Little by little, chronic disease can eat away at a patient’s sense of self. The best antidote can be a doctor who empathizes with the patient’s subjective experience.
Lifelong Learning in Clinical Excellence | November 1, 2018 | 2 min read
By Adam P. Stern, MD, Harvard Medical School
In the recent A Piece of My Mind essay, I wrote about the creeping dread of being a patient who feels carved up over time by disease and treatment. The piece touches upon several themes that can help to inform patient care.
Just as medical students grow comfortable with their hands exploring a cadaver’s viscera over the course of a semester, doctors can become desensitized to the gravity of the illnesses they treat, the words they offer, and treatments they employ.
Doctors who have seen thousands of patients all along the spectrum of illness, for example, may view a particular individual as “low risk” or as having a “good prognosis,” while the patient – an n of 1 – will focus entirely on the ways in which their world has been rocked.
Desensitization is a necessary component of medical practice – doctors need to separate themselves emotionally from the emotionally devastating aspects of their work – but it must also be acknowledged and at times guarded against. No patient yearns to be only a Medical Record Number in the eyes of their doctors.
For the patients who undergo treatments, whether curative or palliative, it can feel as though more than just a part of their body has been taken. It can feel like little solace that the procedure involved may have been quite routine for the surgeon who performed it or that the outcome was successful if the goal was to remove part of an organ. What stays with the patient emotionally after their physical recovery, is sometimes the gnawing awareness that they used to be whole and now they are incomplete.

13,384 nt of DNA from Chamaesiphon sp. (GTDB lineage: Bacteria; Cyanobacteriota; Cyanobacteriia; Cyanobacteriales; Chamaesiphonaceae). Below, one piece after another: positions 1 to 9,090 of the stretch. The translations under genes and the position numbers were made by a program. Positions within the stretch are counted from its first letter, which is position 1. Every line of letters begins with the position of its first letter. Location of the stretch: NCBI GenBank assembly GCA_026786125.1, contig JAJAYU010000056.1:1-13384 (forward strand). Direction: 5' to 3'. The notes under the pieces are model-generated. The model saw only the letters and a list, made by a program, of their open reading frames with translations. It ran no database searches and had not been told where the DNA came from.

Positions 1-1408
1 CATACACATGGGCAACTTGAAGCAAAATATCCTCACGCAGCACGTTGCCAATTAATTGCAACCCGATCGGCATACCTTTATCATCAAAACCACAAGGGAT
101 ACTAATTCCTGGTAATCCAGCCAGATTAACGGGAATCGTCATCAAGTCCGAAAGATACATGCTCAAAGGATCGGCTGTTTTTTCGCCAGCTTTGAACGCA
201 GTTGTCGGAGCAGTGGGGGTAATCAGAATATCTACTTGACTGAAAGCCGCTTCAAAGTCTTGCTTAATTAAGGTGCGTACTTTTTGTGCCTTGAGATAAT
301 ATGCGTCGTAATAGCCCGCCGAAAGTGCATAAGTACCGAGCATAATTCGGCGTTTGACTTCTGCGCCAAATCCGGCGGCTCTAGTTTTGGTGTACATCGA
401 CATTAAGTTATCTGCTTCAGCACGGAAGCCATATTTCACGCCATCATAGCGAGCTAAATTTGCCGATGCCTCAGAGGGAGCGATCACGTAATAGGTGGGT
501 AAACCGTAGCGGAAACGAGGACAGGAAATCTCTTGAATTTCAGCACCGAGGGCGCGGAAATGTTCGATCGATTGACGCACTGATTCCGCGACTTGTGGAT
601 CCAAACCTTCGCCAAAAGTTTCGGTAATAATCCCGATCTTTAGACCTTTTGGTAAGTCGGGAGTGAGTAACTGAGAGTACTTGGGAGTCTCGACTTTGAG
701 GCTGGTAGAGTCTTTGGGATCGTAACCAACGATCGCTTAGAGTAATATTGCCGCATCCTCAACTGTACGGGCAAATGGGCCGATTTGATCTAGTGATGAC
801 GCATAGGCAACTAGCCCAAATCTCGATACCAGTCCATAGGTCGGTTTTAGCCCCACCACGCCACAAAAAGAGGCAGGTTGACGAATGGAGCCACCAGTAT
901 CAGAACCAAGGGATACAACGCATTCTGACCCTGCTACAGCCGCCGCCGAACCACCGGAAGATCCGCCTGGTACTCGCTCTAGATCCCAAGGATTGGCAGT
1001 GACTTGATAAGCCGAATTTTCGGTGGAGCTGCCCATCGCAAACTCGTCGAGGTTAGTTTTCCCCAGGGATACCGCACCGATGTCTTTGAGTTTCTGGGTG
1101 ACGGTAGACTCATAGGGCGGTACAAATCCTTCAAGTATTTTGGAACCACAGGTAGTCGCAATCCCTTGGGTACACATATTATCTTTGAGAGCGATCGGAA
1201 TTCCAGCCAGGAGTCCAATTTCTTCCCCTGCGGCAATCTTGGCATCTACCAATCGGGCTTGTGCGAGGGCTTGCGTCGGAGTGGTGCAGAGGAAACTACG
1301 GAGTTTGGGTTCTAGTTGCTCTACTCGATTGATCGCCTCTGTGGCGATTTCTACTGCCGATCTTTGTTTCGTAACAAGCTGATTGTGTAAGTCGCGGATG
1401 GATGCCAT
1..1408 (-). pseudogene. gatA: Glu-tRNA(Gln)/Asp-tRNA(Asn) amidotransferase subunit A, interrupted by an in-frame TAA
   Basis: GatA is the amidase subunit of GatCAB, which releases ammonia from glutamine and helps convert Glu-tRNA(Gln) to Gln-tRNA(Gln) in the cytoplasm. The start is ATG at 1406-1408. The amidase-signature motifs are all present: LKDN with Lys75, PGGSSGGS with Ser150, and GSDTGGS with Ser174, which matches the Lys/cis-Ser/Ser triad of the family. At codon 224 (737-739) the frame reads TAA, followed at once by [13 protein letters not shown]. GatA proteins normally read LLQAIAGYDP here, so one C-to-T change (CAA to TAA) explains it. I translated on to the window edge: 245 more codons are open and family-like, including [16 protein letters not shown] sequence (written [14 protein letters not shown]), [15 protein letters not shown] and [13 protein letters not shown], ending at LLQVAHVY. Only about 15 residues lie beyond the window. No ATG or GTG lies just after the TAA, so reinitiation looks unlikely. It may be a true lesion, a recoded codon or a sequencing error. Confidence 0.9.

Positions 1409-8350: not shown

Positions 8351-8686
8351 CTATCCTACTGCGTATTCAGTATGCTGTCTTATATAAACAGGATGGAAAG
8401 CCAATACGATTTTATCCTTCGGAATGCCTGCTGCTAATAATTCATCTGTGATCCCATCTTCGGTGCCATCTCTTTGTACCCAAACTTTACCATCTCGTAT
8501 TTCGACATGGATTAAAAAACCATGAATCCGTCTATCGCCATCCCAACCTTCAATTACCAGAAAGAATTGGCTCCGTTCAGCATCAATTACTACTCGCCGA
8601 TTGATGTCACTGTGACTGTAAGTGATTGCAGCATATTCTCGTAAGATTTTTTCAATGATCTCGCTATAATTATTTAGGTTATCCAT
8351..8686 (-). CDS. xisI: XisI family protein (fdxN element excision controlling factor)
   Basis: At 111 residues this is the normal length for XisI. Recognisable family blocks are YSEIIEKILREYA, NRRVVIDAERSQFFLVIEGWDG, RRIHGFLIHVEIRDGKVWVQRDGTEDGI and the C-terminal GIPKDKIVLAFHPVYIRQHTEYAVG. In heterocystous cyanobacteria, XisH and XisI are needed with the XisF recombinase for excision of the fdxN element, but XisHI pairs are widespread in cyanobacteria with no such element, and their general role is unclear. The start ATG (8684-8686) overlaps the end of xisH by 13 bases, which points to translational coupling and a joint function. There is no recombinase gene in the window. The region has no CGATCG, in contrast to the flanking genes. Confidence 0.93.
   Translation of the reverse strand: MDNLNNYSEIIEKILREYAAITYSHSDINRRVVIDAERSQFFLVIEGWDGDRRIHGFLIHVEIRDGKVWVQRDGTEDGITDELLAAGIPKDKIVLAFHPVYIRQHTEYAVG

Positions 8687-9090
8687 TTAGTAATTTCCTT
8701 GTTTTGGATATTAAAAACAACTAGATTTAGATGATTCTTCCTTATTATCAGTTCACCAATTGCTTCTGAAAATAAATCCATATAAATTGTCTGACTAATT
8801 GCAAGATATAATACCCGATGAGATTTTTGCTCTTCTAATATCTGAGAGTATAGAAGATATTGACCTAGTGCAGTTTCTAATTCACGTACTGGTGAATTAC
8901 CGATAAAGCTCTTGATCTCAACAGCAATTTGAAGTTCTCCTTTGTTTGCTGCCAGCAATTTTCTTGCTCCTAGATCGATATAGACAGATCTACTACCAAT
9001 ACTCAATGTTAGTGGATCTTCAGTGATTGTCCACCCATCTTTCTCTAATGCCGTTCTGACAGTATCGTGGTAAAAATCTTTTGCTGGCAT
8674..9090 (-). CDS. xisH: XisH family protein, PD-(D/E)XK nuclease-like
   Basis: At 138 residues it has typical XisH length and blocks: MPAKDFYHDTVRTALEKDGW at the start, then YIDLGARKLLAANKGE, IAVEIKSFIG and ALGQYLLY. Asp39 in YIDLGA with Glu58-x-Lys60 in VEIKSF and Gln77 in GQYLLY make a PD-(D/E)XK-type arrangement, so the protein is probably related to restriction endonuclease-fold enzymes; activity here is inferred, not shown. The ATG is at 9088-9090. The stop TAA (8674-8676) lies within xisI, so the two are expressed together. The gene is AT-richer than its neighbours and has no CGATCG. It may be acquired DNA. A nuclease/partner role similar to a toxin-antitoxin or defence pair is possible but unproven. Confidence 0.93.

The examples used in The Giving Body ranged from having a total nephrectomy, to the iatrogenic destruction of a thyroid, to the mundane but impossibly irritating effects on the skin, all the way to the imagined possibility of total blindness. The range of ailments that followed treatment for an underlying pathology spanned organ systems and intensities but all paled in comparison to the an encompassing threat of the original malignancy.
Patients often begin by thinking that they would do anything to survive, and over time it can become apparent how naïve this approach is. Over the course of a patient’s entire treatment, doctors owe it to their patients to join them in their journeys and meet them where they are when treatment planning occurs. What may be routine for the doctor may not be for the patient, and the opposite can also be true.
All patients with chronic illness are forced to strike a balance between living with their disease and continuing with the rest of their lives. To some, illnesses can seem all-consuming, and patients and especially caretakers may even thrive in diving headfirst into learning more about the illness and finding ways of exerting control over it. Others do best by pursuing just the opposite path, avoiding the topic entirely except at doctor’s visits and when absolutely necessary. There is no right approach for every individual. Some fortunate patients, though, have a part of their lives that is inherently unencumbered by their illness.
I wrote in The Giving Body about how my little boy is the only person in my life who is completely unaware that I’m sick, and what a wonderful blessing that is for me. Spending time fully engaged with him is more therapeutic than anything else in my life. As doctors, we should be watchful and encouraging of such unadulterated segments of our patients lives.